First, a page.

Airservices Australia commissioned two new ground stations to support its national automatic dependent surveillance-broadcast (ADS-B) network as the country’s first ADS-B mandate approaches. Australia’s Civil Aviation Safety Authority (CASA) requires that aircraft flying above 29,000 feet be fitted with ADS-B avionics by December 12.
The Civil Air Navigation Services Organization has launched an initiative to improve runway safety at airports that will provide a runway safety checklist for airports and air navigation service providers (ANSPs), as well as key tips for both pilots and air traffic controllers. The effort includes a revised and updated education bookleton runway excursions, Unstable Approaches–ATC Considerations,as well as a smartphone app.
The road to future communications, navigation and surveillance operations will not include any major technology upheavals in user requirements before 2020, according to projected roadmaps presented at ICAO’s Air Navigation Conference in Montreal recently. In fact, new technologies mentioned for each of the three regimes were usually described in terms of their potential future benefits, with no suggestion of their actual readiness for implementation.
The International Civil Aviation Organization’s symposium on performance-based navigation (PBN) runs from October 16 to October 19 at ICAO headquarters in Montreal. The event will include speakers and attendees from every PBN stakeholder group, including pilots, air traffic controllers, airlines, system manufacturers, regulators and air navigation service providers.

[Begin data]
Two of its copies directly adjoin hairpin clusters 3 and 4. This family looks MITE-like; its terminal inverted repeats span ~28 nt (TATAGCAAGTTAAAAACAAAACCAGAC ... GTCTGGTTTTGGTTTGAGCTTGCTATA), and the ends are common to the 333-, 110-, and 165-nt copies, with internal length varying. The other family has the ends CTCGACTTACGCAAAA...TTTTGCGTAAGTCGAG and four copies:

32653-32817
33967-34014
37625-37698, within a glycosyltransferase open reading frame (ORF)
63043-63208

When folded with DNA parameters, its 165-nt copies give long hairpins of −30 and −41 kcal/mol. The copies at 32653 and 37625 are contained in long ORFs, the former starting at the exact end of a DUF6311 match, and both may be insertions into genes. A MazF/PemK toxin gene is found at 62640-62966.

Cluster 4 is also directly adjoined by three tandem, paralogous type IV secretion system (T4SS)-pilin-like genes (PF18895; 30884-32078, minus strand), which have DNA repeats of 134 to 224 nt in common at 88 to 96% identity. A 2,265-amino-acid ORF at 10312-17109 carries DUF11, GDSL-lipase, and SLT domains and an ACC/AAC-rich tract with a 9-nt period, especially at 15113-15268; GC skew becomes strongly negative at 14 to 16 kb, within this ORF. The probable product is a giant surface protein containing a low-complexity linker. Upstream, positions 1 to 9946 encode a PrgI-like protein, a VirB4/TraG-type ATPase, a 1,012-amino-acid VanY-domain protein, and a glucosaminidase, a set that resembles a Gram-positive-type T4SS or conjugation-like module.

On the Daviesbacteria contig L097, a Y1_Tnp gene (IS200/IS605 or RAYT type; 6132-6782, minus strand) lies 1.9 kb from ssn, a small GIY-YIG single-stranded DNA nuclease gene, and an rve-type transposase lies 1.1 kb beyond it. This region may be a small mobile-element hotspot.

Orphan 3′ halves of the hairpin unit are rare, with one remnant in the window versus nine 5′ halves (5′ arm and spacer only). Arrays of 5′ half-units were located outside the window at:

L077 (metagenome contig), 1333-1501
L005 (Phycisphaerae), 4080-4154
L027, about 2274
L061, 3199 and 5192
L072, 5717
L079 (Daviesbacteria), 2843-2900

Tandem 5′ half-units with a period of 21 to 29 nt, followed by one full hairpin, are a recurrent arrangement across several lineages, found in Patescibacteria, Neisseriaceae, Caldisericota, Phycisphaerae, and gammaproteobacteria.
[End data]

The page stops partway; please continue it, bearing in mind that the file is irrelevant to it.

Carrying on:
The recently announced Aireon joint venture to provide aircraft position reports from Iridium satellites equipped with automatic dependent surveillance-broadcast (ADS-B) receivers will help close gaps in the already extensive ADS-B coverage provided by Nav Canada, an Aireon partner.
With demonstrated benefits of reducing track miles, mitigating noise and lowering fuel burn and emissions, performance-based navigation (PBN) procedures are being adopted on a worldwide basis. But 15 years after Alaska Airlines flew the first procedures, widespread implementation of PBN is uneven and its benefits largely unrealized.
July marks a turning point from the “pioneer” phase of automatic dependent surveillance-broadcast (ADS-B) in Europe to the approaching ADS-B mandate.
This month will mark a turning point from the “pioneer” phase to the mandate phase of Europe’s implementation of automatic dependent surveillance-broadcast (ADS-B) for aircraft tracking and separation.
UK air navigation service provider Nats and lobbying association Oil & Gas UK last month switched their North Sea multilateration system to the “operational” mode, thus improving offshore flight safety. Controllers can now see helicopters on their radar screens in areas that are beyond the 80-nm reach of land-based radar. The multilateration system uses signal transmitters and receivers fitted to 16 offshore platforms.
Several elements of the Next Generation Air Transportation System depend on GPS-based area navigation (RNAV) and required navigation performance (RNP). RNP is essentially RNAV with onboard performance and alerting capability. The ability of the aircraft's own navigation system to monitor its navigation performance and to inform the crew if the required performance is not being met is a defining capability of RNP operations.
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